Special police units searched house-to-house in the village of 1,600 inhabitants as snipers took up positions on the hills above and helicopters flew overhead.
Greek Police Chief Anastasios Dimoshakis traveled to Crete to coordinate the effort on the island, where gun ownership is widespread and police for decades have battled blood feuds as well as drug- and arms-smuggling by criminal gangs based in close-knit communities.
On Monday, about 20 gunmen wielding assault rifles had opened fire on the police convoy, wounding the three officers, one critically.
Dimoshakis on Tuesday called the incident unprecedented. "Greek police will assume their responsibilities. We have to ensure legitimacy," he said.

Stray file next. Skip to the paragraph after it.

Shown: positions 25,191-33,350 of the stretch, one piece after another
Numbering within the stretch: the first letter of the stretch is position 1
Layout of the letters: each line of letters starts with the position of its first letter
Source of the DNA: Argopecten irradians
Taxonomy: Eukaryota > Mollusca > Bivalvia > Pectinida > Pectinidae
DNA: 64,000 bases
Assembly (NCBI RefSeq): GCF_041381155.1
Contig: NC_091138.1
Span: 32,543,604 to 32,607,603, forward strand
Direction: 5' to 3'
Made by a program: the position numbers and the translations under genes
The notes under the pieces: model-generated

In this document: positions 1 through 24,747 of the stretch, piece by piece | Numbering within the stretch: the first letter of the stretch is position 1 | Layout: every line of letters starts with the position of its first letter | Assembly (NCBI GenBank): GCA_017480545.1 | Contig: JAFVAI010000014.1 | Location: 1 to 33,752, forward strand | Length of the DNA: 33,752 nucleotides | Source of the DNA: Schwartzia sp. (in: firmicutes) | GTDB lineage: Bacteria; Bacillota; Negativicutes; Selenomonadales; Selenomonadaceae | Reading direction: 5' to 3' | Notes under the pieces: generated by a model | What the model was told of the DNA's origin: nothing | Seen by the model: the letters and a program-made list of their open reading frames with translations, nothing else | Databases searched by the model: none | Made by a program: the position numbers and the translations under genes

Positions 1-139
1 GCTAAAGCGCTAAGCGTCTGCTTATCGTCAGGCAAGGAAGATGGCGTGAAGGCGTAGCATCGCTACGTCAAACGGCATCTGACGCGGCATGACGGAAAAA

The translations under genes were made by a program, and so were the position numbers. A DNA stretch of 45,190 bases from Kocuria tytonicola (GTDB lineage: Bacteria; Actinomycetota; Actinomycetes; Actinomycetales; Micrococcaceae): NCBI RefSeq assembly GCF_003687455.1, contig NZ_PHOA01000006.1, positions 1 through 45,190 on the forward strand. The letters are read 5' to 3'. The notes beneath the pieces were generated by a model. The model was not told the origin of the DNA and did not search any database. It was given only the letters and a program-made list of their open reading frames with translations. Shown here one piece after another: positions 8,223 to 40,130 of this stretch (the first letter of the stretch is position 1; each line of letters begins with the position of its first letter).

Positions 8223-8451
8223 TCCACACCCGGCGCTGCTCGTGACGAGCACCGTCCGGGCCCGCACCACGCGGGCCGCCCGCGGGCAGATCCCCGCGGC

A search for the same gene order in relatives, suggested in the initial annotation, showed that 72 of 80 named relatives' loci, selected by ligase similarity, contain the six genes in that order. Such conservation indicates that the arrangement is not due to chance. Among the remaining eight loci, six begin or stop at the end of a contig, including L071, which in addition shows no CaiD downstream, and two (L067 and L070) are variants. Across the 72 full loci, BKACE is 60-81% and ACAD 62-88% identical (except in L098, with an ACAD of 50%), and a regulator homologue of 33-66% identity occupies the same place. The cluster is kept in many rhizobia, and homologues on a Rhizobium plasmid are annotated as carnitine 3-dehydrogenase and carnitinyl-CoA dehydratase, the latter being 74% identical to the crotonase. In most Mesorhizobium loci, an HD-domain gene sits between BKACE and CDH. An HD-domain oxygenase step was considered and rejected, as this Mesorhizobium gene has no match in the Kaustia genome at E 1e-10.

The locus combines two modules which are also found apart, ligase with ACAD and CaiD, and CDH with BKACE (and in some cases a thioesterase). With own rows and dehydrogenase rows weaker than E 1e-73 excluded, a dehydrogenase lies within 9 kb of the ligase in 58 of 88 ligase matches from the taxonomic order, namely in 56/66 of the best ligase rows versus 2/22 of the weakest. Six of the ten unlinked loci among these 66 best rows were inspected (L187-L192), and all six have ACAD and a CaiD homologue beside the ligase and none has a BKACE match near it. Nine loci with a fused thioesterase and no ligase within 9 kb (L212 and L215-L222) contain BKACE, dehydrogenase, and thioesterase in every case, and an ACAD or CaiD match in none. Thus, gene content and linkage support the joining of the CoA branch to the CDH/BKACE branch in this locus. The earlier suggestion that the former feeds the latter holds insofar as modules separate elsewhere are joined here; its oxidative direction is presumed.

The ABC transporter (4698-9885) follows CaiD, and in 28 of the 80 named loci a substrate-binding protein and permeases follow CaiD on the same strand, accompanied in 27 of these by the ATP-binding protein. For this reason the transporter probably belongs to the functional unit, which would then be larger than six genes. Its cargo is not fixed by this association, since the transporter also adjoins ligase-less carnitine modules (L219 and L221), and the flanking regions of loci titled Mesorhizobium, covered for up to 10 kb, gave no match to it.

The raids follow the arrest last Friday of a 24-year-old in the Cretan town of Rethymno in possession of hashish and cocaine. His cousin, a suspected accomplice, escaped. The cousin's home in Zoniana is believed to have been the target of Monday's police raid.
Authorities have come under pointed criticism for allowing a climate of lawlessness to persist in parts of Crete, one of the country's busiest tourist spots.
Government spokesman Theodoros Roussopoulos on Tuesday said the strong police intervention was to stop drug gangs operating on the island and not out of revenge for the police attack.
"The police are not waging a war with anyone and have no open accounts with anyone," he said.
Interior Minister Prokopis Pavlopoulos said years of governmental inaction had allowed a climate of lawlessness in parts of Crete.
"There has been a lack of intervention by state and police authorities for years, (but) that is their responsibility," he said.
Russia, when signing documents for the sale of Alaska to the United States, was realizing her objective benefit
It has long been understood that the West has been trying to subject Russian borders to total control. We have not seen such activity even during the Cold War